Ingrid Caldwell
Growing Independency and Fluency

Let’s Help the Bears

Rationale:  Students will seek answers to the 5 W’s and H—who, what, when, where, why, and how.  Students will come up with solutions to the problem.  Students will develop a plan for the solution.

Materials:  Goldilocks by Janice Russell, paper and pencils for the children

1.  Introduce 5 W’s and H.  Start the lesson by asking the class what they would do if they found a stranger had been in their house.  Next, tell the class to listen closely as I read “Goldilocks and the Three Bears.  While reading the story, stop and ask what will happen next and why.
2.  “Ok class, is there a problem in this story and with whom?”  “Let’s help the bears solve their problem.”  “Let’s pretend we are newspaper reporters and we need to gather the facts of this problem.”  “We need to answer hose six important questions.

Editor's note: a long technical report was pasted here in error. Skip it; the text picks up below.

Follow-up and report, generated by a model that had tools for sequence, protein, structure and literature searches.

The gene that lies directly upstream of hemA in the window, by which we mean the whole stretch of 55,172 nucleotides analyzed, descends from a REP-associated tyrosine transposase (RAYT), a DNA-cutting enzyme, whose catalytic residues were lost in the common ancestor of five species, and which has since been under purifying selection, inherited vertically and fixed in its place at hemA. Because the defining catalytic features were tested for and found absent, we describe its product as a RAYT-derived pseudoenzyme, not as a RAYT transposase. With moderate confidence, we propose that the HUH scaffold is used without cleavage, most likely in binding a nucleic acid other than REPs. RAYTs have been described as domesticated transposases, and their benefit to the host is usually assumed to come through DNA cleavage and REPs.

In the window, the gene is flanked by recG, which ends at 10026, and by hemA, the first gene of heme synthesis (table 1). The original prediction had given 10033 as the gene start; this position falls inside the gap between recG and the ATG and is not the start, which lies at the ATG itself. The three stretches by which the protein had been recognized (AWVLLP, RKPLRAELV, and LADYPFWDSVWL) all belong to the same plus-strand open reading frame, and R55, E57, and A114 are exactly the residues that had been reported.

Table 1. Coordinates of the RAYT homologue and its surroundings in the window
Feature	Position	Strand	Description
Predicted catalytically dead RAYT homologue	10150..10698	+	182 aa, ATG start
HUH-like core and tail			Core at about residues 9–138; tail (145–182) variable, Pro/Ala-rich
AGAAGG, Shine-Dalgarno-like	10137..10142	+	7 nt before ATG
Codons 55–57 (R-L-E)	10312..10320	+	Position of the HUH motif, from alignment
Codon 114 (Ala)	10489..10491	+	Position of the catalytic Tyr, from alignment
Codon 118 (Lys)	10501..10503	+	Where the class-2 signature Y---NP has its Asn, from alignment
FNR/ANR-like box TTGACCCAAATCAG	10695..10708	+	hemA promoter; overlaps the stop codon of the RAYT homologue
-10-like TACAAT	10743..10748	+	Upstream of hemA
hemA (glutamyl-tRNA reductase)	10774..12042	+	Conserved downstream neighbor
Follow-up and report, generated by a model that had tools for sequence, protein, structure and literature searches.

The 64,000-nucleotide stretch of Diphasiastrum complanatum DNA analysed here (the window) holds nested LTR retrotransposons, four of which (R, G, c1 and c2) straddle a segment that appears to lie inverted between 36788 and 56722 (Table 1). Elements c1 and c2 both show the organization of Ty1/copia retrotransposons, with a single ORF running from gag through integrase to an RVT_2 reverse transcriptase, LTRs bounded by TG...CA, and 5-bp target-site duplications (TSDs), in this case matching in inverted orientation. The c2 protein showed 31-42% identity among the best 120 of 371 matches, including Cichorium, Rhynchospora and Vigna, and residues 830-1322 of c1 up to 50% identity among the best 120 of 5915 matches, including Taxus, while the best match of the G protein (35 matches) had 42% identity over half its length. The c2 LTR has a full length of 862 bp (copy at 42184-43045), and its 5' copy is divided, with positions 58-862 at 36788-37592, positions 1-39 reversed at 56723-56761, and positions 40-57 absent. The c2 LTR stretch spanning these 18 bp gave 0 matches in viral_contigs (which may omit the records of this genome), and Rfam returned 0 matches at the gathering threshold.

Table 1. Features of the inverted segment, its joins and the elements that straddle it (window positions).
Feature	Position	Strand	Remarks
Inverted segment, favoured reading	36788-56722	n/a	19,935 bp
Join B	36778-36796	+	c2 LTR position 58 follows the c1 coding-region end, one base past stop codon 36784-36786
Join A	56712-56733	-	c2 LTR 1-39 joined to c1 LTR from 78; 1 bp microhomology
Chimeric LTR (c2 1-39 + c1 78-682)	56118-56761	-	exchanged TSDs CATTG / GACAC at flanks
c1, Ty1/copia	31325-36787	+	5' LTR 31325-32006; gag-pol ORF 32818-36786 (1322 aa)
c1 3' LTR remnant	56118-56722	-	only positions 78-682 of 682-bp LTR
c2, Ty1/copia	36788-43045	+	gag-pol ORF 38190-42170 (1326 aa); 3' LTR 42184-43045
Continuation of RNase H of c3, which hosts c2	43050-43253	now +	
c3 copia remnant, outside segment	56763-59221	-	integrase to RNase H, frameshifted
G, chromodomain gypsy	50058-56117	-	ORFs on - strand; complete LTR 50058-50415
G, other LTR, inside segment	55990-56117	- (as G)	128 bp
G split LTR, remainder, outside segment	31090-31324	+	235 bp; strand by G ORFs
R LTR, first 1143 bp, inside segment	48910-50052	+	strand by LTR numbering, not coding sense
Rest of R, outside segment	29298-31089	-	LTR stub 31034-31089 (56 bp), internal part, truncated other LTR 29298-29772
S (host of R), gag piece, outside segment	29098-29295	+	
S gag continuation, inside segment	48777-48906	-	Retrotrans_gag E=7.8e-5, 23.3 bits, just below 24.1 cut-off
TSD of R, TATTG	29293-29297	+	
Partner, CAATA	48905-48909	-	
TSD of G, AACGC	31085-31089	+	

3.  After we have gone over these facts, have the students “help” the bears by posing a problem statement:  “How might Papa, Mama, and Baby bear keep Goldilocks away from their home?”
4. Students will come up with ideas to the bear’s problem.  After the students have determined the best solution, they can devise a plan to stop Goldilocks.  They can do this with writing and illustrations.
5. Review with the students the three elements of problem solving: 1.Identify the problem 2.Produce ideas 3. Evaluate and implement solutions and relate these back to Goldilocks.
6.  Allow the children to read another fairy tale and then answer the 5 W’s and H.

Assessment:  Note the students’ participation during the discussion of “Goldilocks” and the number of ideas the students come up with to help solve the problem.  When children read new books, have the answer the 5 W’s and H to see if they learned.


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